Newsletter of the Association of Library and Information Science Students (ALISS)




 title of the newsletter: The Silverfish


June 2004

Vol VIII Issue V

Next article >>

Time to Defrag and Unplug:
A Synopsis of the Public Forum on Information and the Quality of Life

By Blythe Summers, MLIS Day

On May 10th at Town Hall, the public forum entitled “Information and the Quality of Life” kicked off Professor David Levy’s conference “Information, Silence, and Sanctuary.” While the conference was invitation-only, the public forum was a chance for several attendees of the conference to engage the public. It was definitely the stuff of 550-land, but the issues discussed at the forum carried relevance for everyone. Each of the different speakers offered a different diagnosis for the problem of information overload and its effect on our quality of life.

Bill McKibben, author of Enough: Staying Human in an Engineered Age and The Age of Missing Information, began with the idea that people need to occasionally remove themselves from the information world—to “unplug.” Darkness, solitude and silence, he pointed out, often have a negative connotation in our society, but according to McKibben, all three hold important values for us in dealing with the flood of information. He suggested we live in an enchantment—one that has lulled us into a false sense of good. The spell is cast and we are in love with our information, but instead of enriching our lives, information is fragmenting us, distracting us, distressing us. It is easy to pretend that because we all have numerous emails, the Internet, and hundreds of TV channels, that we are living full lives. But as McKibben argues, we do not have a full life if we have no time to stop, take a breath, and reflect on the information we encounter and on our lives. Embracing darkness, solitude and silence as important components of our lives may be key in improving our relationship with information.

John Seely Brown, former Director of Xerox PARC and author of The Social Life of Information, offered the suggestion that we begin to look at how we can transform our technology to better reflect our needs and values. He is alarmed by the increasing stress caused by the “unnecessary complexity” in our lives. Technology is encouraging us to have tunnel vision; we are looking ahead to the future to see what we can invent next, but not looking around us to see if what we have is truly working. Technology and society, he urged, need to evolve together.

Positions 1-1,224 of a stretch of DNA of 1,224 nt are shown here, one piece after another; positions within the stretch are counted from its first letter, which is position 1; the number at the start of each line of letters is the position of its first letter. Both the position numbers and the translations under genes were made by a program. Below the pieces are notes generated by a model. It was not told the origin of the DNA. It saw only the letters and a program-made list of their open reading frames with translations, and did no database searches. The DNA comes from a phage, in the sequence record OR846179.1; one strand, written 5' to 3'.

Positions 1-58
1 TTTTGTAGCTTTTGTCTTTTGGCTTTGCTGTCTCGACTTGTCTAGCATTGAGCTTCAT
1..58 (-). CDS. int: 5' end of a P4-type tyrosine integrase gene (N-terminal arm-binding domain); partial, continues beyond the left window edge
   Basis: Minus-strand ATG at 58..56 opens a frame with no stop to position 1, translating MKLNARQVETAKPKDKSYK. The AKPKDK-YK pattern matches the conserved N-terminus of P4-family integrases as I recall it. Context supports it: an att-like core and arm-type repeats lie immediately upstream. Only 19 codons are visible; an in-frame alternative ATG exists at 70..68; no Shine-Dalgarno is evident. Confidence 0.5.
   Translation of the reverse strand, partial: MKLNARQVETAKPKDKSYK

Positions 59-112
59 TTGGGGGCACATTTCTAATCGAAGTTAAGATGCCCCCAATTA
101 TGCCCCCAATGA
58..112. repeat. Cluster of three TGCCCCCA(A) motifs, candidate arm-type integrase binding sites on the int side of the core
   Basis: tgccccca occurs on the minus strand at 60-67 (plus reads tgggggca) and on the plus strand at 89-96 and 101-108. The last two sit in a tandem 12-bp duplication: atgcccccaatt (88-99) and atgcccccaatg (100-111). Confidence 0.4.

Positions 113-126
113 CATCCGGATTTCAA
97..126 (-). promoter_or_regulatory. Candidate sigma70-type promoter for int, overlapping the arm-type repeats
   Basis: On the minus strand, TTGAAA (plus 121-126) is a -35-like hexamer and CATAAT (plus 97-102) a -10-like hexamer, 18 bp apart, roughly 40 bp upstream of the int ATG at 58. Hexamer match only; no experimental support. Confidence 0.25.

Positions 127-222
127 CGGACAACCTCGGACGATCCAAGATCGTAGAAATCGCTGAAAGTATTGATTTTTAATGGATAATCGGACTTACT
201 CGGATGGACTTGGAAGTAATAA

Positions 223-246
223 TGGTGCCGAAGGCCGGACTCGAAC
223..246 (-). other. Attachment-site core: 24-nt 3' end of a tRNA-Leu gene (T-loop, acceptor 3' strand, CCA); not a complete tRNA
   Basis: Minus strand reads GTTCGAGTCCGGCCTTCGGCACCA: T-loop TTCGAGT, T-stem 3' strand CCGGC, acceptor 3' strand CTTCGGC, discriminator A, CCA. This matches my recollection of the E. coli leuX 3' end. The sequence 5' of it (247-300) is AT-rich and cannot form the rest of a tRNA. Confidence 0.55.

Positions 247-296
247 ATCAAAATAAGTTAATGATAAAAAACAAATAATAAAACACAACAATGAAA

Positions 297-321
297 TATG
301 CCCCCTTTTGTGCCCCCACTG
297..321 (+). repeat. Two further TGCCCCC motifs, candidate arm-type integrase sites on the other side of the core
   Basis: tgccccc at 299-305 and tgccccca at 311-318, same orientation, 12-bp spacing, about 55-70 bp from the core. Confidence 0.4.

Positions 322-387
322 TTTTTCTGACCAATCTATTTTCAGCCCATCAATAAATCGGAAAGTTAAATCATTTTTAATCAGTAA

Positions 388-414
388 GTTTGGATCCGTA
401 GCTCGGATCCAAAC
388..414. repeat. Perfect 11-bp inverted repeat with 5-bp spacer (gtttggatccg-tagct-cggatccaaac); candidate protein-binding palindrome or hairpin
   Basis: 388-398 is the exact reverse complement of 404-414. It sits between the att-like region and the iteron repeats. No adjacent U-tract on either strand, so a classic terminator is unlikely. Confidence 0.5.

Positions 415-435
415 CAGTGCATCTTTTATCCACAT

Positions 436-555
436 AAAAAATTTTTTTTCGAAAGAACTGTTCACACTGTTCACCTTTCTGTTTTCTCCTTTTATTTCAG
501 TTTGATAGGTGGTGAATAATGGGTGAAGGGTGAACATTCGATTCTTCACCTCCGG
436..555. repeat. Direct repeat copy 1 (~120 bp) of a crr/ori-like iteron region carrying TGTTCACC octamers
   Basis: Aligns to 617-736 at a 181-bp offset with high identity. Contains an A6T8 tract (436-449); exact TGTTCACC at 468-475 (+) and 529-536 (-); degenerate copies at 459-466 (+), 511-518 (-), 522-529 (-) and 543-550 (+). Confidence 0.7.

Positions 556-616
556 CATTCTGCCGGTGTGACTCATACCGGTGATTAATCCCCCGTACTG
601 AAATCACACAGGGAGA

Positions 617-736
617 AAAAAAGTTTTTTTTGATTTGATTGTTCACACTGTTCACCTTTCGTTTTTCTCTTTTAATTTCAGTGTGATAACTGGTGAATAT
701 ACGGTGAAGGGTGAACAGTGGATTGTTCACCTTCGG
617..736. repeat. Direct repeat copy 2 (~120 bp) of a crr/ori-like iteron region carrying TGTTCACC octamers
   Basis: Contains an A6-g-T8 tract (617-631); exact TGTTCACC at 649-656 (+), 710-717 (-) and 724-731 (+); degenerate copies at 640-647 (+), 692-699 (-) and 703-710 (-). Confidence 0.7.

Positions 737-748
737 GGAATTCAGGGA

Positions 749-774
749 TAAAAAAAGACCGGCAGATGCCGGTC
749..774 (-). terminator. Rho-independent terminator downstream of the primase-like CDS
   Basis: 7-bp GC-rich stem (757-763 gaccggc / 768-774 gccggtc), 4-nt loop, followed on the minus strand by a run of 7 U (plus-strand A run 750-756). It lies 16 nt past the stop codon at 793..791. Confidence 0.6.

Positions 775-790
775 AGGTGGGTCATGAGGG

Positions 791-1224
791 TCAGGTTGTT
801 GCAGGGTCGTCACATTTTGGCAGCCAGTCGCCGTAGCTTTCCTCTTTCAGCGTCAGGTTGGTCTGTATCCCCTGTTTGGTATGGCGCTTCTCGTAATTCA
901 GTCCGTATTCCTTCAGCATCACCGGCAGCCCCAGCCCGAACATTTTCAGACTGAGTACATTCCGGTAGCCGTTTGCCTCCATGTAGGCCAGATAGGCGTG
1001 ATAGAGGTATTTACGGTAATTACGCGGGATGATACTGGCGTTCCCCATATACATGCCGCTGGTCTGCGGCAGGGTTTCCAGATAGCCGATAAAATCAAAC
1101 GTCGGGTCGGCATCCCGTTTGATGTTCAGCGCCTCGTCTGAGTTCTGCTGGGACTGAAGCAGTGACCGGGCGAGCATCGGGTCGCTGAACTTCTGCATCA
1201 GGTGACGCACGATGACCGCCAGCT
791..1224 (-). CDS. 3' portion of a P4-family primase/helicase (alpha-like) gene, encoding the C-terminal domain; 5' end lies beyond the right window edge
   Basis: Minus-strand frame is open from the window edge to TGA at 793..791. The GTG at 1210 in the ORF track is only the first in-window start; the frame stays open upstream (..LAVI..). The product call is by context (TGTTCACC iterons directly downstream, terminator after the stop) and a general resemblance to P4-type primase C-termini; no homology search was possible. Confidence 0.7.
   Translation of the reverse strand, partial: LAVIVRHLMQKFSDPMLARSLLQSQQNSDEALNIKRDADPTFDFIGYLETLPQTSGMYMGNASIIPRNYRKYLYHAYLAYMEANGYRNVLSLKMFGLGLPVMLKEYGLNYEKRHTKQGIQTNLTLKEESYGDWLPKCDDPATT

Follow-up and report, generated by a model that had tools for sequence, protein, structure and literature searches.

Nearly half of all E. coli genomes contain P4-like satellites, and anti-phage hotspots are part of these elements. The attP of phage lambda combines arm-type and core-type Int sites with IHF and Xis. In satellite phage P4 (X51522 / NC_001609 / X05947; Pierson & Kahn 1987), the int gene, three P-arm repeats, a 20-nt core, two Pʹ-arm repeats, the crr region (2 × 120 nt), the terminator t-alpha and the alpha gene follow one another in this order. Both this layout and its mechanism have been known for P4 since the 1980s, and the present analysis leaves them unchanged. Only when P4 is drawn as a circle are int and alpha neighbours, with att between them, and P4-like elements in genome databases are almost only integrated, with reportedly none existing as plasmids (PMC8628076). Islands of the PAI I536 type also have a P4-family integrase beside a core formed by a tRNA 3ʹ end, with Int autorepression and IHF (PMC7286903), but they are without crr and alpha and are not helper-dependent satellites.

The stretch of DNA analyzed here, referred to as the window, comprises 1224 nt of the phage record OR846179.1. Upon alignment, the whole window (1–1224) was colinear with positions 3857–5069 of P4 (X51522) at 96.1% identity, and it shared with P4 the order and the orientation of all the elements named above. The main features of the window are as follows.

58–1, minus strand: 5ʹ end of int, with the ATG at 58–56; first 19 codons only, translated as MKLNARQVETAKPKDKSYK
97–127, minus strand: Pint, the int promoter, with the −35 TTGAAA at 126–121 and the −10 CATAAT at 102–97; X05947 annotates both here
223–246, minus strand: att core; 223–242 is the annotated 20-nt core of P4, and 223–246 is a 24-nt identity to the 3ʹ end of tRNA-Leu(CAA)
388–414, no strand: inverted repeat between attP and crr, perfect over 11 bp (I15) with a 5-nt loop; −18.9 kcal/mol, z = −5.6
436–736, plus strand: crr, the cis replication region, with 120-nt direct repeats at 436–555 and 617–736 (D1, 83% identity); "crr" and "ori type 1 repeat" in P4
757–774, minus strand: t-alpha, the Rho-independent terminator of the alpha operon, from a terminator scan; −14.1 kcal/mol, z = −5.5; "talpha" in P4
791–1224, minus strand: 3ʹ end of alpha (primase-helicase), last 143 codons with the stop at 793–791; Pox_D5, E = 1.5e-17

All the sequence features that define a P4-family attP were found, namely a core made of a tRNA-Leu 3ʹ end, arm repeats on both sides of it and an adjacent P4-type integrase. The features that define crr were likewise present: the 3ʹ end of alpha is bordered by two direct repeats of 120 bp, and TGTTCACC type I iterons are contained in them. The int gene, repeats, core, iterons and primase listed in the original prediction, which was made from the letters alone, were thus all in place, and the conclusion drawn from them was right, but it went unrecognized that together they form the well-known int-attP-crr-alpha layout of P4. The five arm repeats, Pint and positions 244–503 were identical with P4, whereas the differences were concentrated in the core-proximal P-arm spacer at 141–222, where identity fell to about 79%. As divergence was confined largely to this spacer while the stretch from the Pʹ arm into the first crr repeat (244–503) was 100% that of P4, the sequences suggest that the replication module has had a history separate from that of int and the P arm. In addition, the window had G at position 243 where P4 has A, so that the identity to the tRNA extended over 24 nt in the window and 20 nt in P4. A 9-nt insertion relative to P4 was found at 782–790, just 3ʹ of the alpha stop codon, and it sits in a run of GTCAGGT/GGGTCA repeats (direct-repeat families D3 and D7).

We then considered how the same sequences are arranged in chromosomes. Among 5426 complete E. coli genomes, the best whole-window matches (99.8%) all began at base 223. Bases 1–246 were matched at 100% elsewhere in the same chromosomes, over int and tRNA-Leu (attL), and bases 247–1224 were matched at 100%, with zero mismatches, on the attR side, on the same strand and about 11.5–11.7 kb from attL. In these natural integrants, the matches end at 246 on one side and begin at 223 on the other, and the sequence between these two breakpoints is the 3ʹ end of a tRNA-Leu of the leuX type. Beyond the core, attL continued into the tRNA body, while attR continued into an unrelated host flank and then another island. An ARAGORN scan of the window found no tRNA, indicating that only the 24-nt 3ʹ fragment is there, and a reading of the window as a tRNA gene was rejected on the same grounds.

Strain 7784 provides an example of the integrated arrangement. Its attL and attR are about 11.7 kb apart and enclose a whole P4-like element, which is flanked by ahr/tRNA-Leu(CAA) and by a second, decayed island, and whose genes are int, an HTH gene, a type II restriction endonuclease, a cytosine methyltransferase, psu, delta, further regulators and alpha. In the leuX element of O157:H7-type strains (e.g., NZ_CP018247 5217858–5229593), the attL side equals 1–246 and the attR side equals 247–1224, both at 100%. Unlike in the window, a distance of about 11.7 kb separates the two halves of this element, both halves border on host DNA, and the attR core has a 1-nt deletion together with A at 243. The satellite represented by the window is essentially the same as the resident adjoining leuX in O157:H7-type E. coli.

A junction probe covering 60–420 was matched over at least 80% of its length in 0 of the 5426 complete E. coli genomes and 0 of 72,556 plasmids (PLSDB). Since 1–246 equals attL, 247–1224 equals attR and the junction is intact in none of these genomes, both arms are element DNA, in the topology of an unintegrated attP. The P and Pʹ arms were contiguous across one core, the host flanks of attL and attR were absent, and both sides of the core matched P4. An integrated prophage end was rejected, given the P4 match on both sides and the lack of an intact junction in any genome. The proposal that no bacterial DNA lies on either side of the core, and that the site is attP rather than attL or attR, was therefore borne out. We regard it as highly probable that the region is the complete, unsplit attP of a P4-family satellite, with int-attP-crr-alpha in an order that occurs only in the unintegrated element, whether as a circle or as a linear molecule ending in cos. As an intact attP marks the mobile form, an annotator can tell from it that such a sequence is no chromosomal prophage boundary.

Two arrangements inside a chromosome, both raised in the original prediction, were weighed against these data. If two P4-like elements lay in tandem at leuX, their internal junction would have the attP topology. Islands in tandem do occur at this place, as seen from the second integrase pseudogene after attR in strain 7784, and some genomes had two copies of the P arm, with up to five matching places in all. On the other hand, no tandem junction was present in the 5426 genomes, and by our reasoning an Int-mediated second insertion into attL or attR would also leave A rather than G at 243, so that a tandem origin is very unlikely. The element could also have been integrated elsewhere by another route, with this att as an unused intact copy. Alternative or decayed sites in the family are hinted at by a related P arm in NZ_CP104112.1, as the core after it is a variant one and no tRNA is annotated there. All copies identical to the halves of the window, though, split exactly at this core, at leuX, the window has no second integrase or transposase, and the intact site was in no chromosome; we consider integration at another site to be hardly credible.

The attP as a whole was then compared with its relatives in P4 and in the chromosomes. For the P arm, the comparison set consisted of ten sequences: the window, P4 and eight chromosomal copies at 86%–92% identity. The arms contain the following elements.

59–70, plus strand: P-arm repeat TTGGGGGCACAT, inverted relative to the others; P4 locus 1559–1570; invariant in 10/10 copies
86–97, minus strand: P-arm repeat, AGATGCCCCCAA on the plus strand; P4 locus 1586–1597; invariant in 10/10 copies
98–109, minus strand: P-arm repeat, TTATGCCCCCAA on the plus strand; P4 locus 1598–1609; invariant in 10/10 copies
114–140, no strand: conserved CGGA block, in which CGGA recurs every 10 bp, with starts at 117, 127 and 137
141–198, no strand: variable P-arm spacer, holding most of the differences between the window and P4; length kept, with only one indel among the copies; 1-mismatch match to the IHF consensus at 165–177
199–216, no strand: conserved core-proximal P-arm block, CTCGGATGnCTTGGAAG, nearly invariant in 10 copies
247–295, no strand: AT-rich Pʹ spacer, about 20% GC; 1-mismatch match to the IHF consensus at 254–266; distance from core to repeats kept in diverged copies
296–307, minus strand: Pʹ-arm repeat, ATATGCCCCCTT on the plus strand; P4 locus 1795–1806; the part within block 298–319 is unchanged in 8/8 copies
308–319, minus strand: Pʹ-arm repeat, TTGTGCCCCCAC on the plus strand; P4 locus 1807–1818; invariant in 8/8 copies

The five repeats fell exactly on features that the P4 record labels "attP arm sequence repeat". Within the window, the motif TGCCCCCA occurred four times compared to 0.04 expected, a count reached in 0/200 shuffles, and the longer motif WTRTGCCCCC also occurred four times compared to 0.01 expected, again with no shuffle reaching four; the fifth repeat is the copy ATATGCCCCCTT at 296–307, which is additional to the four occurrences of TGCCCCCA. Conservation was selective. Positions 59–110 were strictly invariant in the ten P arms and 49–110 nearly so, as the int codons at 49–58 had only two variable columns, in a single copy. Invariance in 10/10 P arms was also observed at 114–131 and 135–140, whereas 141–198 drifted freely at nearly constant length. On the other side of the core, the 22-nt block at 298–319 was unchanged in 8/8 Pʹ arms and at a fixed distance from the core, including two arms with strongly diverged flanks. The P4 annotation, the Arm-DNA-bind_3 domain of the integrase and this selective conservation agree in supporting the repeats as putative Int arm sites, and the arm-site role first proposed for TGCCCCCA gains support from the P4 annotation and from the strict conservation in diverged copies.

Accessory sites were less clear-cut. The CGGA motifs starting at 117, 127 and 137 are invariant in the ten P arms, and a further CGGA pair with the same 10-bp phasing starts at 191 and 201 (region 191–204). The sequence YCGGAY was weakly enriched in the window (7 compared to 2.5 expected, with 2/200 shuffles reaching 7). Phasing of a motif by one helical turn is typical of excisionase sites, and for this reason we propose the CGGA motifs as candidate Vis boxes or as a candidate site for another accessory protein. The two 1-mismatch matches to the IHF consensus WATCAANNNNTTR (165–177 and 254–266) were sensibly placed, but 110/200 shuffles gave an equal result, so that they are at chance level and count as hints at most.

Carla Pryne, Episcopal minister and cofounder of Earth Ministry, discussed the Sabbath. She gave compelling reasons why we all need the experience of some kind of Sabbath in our lives in order to achieve balance. Practicing a Sabbath is one way of setting boundaries on one’s life—boundaries that help ensure the preservation of self. She encouraged people to view Sabbath not as simply a respite from daily life, but as a climax to life. The danger in not taking time for ourselves is that we have less time for things that are really important. For example, she drew a connection between our overwhelmed lives and the lack of democratic participation. As a society, she explained, our vision is going to come from people who take time to reflect, it is not going to come from those who work 24/7.

The common theme running through all of the speakers was that people need to take time to reflect—whether that reflection is done by quieting down, by paying attention to what is going around us, or by removing ourselves from the 24/7 world for periods of time. The speakers cautioned that our tools of technology, promising to connect us to the world, are seducing us into believing it is better to be connected than be alone. It is alone-time, however, that gives us the opportunity to look within ourselves for answers. Pryne pointed out that we are being convinced we do not have the knowledge we need within ourselves, when often we actually do. We just need to reclaim our time and space in order to find it.

The recommendations, for some, are easier said than done. It is not easy to extract oneself from what has become daily life for so many of us. The suggestion to do so, however, is compelling and the implications of change reach beyond the individual. Kirsten Foot, assistant professor in the Communications Department here at the UW, ended the forum with a series of thoughtful questions to help frame further thought: How do we recognize real knowledge? What kinds of ethical frameworks do we need? What institutions do we have and need to recognize these concerns? And, perhaps most compelling of all, what will it take for us to view those with technology as truly having something?

Next article >>